ST. LOUIS — A Florida company has acquired several vineyard properties around Augusta, Missouri, with plans to invest as much as $100 million in a project its founder believes can turn the region into a rival to some the nation's most prestigious wine regions.
The Naples, Florida-based Hoffmann Family of Companies on Monday said it has already acquired several properties in the August area, around 50 miles west of St. Louis. They include: The 90-acre Balducci Winery and Vineyards at 6601 Highway 94; the 53-acre Knoernschild Vineyards and related buildings on Highway 94 and Jackson Street; The Old Augusta Wine Company Building on Historic Walnut Street; and the old country feed store and grocery. The company will also close on a piece of vacant property on Locust Street in mid January.
Founder David Hoffmann, who along with his wife, Jerri, is a native of Washington, Missouri, said the company is in negotiations with two additional wineries in deals that could close in late January and early February, totaling 250 acres. He declined to identify the wineries.
The plan is to consolidate the wineries in a 700-acre area, creating what Hoffmann believes will become the largest vineyards and winery in the Midwest. He said the company plans to soon meet with Augusta city officials to detail a broader plan that includes a hotel, a nine-hole par-three golf course, a five-star restaurant and other attractions.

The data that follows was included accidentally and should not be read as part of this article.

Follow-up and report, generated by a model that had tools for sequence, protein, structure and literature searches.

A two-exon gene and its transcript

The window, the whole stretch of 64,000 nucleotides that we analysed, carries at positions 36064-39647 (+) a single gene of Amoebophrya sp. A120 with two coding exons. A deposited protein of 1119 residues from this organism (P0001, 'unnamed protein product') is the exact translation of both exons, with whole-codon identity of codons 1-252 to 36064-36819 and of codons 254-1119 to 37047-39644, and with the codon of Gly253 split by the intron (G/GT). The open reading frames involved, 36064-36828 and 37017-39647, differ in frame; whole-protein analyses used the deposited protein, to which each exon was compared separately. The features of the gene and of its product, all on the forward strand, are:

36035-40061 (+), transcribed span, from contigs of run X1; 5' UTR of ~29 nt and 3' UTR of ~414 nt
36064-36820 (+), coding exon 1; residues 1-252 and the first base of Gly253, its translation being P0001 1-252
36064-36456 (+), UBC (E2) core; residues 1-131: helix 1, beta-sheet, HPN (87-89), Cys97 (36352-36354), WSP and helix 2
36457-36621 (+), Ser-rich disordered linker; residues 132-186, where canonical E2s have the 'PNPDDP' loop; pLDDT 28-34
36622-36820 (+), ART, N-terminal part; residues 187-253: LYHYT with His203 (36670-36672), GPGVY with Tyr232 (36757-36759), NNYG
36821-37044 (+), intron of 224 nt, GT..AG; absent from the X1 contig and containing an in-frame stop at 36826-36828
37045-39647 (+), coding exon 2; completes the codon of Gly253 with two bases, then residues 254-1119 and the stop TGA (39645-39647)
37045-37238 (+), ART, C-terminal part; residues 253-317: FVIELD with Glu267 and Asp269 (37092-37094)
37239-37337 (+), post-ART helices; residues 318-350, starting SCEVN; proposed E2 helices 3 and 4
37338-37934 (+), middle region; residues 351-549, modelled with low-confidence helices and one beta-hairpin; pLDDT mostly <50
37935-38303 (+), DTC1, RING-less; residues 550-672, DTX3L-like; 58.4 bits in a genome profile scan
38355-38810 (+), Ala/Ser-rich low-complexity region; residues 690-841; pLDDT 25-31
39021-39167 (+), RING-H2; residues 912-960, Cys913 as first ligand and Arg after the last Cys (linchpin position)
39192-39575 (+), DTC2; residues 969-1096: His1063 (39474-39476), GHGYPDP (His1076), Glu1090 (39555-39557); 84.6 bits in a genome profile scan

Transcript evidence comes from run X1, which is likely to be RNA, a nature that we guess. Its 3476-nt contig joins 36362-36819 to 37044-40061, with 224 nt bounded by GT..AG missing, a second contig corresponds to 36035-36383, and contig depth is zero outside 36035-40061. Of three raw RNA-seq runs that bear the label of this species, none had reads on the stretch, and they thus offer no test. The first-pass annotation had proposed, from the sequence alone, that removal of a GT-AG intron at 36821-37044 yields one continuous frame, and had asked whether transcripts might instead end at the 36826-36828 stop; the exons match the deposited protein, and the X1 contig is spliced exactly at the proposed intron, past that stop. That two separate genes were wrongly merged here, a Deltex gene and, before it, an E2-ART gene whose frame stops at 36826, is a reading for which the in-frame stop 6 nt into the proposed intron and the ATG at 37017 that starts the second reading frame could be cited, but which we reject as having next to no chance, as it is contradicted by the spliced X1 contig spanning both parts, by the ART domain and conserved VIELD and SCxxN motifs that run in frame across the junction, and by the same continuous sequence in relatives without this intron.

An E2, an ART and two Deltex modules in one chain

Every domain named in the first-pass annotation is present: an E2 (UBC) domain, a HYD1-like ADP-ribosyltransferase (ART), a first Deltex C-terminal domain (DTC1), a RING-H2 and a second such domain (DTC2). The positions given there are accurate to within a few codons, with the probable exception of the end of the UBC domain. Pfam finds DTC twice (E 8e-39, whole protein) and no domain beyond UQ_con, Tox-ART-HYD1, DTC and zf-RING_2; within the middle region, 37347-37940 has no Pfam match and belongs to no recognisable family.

Ultimately, he envisions the development will become a national destination, similar to the famed Napa Valley region in California or Blackberry Farm, a renowned wine destination in Walland, Tennessee.
"It’s going to be a significant venue and the land lays as well as Napa Valley (in California)," Hoffmann said in an interview Wednesday morning. "It’s every bit as pretty and the vineyards out there (in Augusta) have done a wonderful job."
Missouri's wine industry has an estimated annual economic impact of about $3.2 billion and has created around 28,000 jobs, according to a 2017 industry report. Yet in terms of production and reputation it still falls short of the nation's more prestigious wine regions in California, the Pacific Northwest and Virginia.
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